Parking garage planning, funds get go-ahead

Amid bickering, City Council makes downtown parking garage a priority.

Tom Haggar knew his campaign for a downtown parking garage was nearing its end – one way or another – when he received junk mail advertising his options for the hereafter.

“Two days ago I got this letter that said, ‘Tom, more and more people are choosing cremation,’” said Haggar, the owner of the Virginia Mason Winslow clinic property. “I started getting a little nervous.

“I hope we can have some real progress on the parking garage soon.”

The City Council on Wednesday assured Haggar he can rest in peace, including planning for a publicly managed downtown parking garage as part of a Winslow Tomorrow priority work plan.

The council, after hearing numerous residents and downtown business owners express support for the measure, linked the proposal to a list of Winslow Tomorrow projects slated to begin this year.

The list, as drafted by the council’s Finance and Personnel Committee, includes substantial upgrades for Winslow Way and other transportation network improvements.

With just under $3 million slated for the projects in 2006, city staff aim to begin work on project designs, site analyses and other preliminary planning this year. Further action on the parking garage would require additional approval in the city budget and possibly tax-supported bonds to pay for construction.

The council also named the probable site of the proposed parking structure, giving the nod to a city-owned parking lot and hillside between Madrone Lane and the Town Square.

The council also agreed that the garage should consider the cultural needs of the community, including a possible arts-related structure capping the garage.

Haggar has long looked for a way to expand the cramped Virginia Mason clinic while keeping it downtown, where it serves as an anchor holding the island’s community center firmly in Winslow.

He and Town & Country Market owner Larry Nakata say the garage would help ease the increasing need for parking and allow both businesses more room to grow. These needs have long been discussed, even prior to the Winslow Tomorrow project.

“I recently found an old invitation cordially inviting me to be part of creating a stronger, more vital downtown,” he said. “It was dated 1996. It was (before) Winslow Tomorrow. There’s been a general attempt (to improve downtown) for over 10 years.”

The decision Wednesday to include the parking structure in initial Winslow Tomorrow work plans didn’t come easy for the council.

Some councilors had hoped to study a broader range of parking options before committing to a parking structure that could cost up to $15 million.

“Someone somewhere cherry-picked this one and now we’re hearing, ‘Let’s not assess this option, let’s just do it,’” said Councilwoman Debbie Vancil. “When we talk about spending $10 million, $12 million of your money, don’t you want to know the economic feasibility (of the project)? All that has got to be known before we start writing checks.”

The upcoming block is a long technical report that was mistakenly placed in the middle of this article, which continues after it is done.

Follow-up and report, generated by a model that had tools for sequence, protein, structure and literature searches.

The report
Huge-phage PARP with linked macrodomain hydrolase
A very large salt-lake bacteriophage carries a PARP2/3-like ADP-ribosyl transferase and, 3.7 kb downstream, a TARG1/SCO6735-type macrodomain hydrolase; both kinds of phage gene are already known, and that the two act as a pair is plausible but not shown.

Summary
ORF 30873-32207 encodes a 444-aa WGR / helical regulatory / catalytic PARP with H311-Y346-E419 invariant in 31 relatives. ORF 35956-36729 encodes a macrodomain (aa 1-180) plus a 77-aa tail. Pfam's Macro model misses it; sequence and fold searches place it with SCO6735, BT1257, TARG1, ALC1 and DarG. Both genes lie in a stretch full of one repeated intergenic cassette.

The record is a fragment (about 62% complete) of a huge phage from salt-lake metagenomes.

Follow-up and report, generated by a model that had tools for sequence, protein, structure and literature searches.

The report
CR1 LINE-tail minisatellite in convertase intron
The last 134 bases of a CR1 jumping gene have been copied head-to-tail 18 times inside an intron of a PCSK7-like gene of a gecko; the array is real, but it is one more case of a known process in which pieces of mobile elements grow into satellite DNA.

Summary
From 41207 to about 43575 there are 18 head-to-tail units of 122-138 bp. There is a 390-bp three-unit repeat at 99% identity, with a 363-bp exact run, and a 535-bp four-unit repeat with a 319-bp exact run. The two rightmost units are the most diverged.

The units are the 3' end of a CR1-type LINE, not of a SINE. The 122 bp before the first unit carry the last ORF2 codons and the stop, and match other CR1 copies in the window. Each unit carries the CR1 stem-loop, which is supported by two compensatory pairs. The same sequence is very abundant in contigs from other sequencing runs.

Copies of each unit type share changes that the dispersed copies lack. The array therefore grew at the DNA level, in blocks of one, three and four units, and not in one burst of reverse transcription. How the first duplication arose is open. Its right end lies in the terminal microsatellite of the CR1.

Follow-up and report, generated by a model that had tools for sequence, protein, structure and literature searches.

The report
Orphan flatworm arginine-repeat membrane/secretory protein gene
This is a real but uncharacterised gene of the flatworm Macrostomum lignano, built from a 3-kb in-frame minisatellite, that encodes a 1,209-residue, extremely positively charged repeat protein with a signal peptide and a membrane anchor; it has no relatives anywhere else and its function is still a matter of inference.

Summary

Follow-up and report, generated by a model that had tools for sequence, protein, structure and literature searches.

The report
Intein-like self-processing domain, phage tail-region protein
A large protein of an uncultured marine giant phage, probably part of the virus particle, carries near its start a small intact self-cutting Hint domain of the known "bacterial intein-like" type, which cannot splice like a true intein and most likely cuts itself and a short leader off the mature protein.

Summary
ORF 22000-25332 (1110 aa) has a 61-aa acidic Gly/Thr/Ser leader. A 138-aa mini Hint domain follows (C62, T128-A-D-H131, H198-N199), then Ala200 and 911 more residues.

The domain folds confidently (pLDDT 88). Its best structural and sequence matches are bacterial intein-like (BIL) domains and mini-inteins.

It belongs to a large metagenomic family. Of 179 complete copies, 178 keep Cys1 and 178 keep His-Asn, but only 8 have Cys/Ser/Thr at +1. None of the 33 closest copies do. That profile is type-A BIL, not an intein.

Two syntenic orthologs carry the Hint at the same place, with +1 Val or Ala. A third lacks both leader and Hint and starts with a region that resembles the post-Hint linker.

Councilman Bob Scales said he had hoped to craft an overall master plan for implementing Winslow Tomorrow before moving forward with specific projects.

“I think we’re going in the opposite direction of the Winslow Tomorrow process - which is to look holistically, to look at everything,” he said. “I have a difficult time picking one project without a holistic process.

We need to take additional steps (because) I think we’re getting away from the strengths of Winslow Tomorrow.”

Sandy Fischer, manager of the Winslow Tomorrow project, countered that the parking garage should move forward along with other numerous other recommended parking strategies.

“I think what’s beginning to frustrate me is that (the council) keeps using the word ‘or,’” she said. “It think you should use ‘and.’

“There’s a whole list of recommendations that was part of the whole strategy.”

Initial work on the parking garage would include assessments of the building site and traffic impact studies, according to Fischer. Putting off these first steps could delay the garage’s recommended completion date of 2010.

Fischer used a car analogy to drive home her point.

“Rather than sitting around running the gas until it runs out, we need to move and start correcting course direction as we go.”

Councilman Bill Knobloch said the council should put more faith in city staff as it implements Winslow Tomorrow’.

“Can’t the council stop nitpicking and let staff do its job?” asked Councilman Bill Knobloch, expressing his fear that the council was getting “bogged down in bureaucratic rhetoric.”

Knobloch’s comments elicited applause from the large crowd gathered at City Hall and echoed much of the public’s testimony earlier in the evening.

“At mid-day, you can’t find a parking spot anywhere,” said John Ellis, who owns commercial property downtown. “You’re just driving around, burning your precious $3 a gallon gas. The parking garage is a key component to the success of the Winslow of the future. Let’s take action today. We needed it a long time ago.”

According to Seabold resident Steward Walton, the parking garage received strong support from the citizen-driven Winslow Tomorrow process.

“The public of this island have spoken very loudly for the construction of a parking garage,” he said to the council. “It’s time for you to move forward with your support.”

Cris Beatty of the Bainbridge Island Downtown Association said “property owners need a solid commitment to encourage further development in downtown. Developing a parking site is the first priority.”

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